With Coach Kennedy
“How did you pick your exercise for the movement of the month,” my wife Natasha asks, “is it because of the Royal Family? I always think of them when I do my curtseys.” That’s cute. For almost a year now, she’s been working on her “transformation”.
She’s put her effort, time, and resources into growing her glutes, shoulders, abs and so on, re-shaping herself, and we’re currently a couple weeks out from the photoshoot to commemorate the effort. Diet has been adjusted, fat has been lost. I applaud her dedication and draw inspiration from it.
I find that while all forms of exercise have their place, there are moves that contribute to sport and life more directly than others, which leads me to the Movement of the Month.
This is an excellent exercise to challenge you in all planes of motion, frontal, sagittal and transverse, works on intermuscular (think quads coordinating with hamstrings) and intramuscular coordination (think about the individual muscle having to coordinate within itself). When we coordinate the body in this manner, it will lead to movement efficiency, so less energy is wasted, while increasing caloric expenditure. Think weight loss — clients can go longer before fatiguing.
How else can you benefit from this movement?
Transitional balance, the ability to stay balanced while moving into and out of different directions, as with walking.
There’s also deceleration. Think about the lower body having to slow your movement down. This means eccentric strength is being worked on. Think about the quads as you cross over and then curtsey behind. They need to slow the action down to control the movement. This helps with day-to-day activities like walking, lunging forward, and coming to sudden stops.
Also, it’s FUN and different, two considerations that may help clients stick with the effort; this in short means achieving their goals.
So with a nod to the Royal Family…(and to Natasha’s new curves);
Start: Begin by standing (feet about hip width apart, soft knees, CORE braced, shoulders in their set position – elevate, retract and pull straight down).
Phase #1: From your starting position, take your left leg and cross it in front of your torso and then come down into a lunge. Hence, the crossover lunge portion. Remember to maintain a tall spine, look forward and always be sure to keep the front foot (left one in this case) completely on the ground. Visualize the foot as a tripod. The heel, the big toe knuckle and small toe knuckle must always maintain ground contact. The back foot heel will naturally come off the ground, but still maintain contact through the toes.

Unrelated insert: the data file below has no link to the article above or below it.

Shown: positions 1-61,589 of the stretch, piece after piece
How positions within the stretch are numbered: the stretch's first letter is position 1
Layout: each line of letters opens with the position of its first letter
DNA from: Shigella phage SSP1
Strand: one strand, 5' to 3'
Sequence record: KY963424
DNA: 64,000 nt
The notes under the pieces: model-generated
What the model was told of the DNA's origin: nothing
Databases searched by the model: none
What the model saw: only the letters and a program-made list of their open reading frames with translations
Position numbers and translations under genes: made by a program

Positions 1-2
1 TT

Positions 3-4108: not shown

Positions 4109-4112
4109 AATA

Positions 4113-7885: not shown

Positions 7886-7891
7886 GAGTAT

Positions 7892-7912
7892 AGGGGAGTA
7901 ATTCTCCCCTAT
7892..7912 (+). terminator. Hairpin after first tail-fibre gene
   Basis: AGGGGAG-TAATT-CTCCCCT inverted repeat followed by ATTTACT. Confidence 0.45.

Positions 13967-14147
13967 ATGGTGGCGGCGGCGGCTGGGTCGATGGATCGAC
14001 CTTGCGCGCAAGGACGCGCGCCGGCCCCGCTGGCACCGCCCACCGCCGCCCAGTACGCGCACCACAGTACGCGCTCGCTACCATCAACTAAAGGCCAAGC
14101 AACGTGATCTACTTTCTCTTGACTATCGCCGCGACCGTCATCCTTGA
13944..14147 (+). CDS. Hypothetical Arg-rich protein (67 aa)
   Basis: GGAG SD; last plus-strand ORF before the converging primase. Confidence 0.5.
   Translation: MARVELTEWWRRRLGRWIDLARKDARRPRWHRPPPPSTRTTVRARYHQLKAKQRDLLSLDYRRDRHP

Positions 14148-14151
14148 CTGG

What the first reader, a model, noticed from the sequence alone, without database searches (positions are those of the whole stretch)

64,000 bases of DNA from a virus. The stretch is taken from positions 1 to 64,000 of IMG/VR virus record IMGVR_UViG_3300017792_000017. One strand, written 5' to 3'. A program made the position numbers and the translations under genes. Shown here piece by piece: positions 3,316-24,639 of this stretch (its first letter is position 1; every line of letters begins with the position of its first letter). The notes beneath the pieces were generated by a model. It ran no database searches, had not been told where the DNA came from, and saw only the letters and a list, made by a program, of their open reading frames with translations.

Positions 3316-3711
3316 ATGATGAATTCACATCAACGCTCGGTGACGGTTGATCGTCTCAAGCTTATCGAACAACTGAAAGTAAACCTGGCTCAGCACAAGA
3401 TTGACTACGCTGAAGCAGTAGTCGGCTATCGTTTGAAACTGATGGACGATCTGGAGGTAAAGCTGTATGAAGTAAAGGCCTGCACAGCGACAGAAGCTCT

Phase #2: From this crossover lunge position, drive off the heel of the front foot (left foot in this case) and step back into your starting position.
Phase #3: From your starting position take your right leg and cross it in behind your torso and come down into a lunge. Hence, the curtsey lunge portion. Remember to maintain a tall spine, look forward and always be sure to keep the front foot (left one in this case) completely on the ground. Visualize the foot as a tripod. The heel, the big toe knuckle and small toe knuckle must always maintain ground contact. The back foot heel will naturally come off the ground, but still maintain contact through the toes. Push off the front leg and step back into your starting position.
Phase #4: Repeat on the other side.
Exercise Protocol: This can be done for reps or timed depending on its purpose. It is considered a main movement in your exercise program, but if unloaded it can also be used as a prepping movement.
Apply the exercise based on your client’s fitness level. In other words, regress and progress as required.
Questions? Contact Coach Kennedy at firstname.lastname@example.org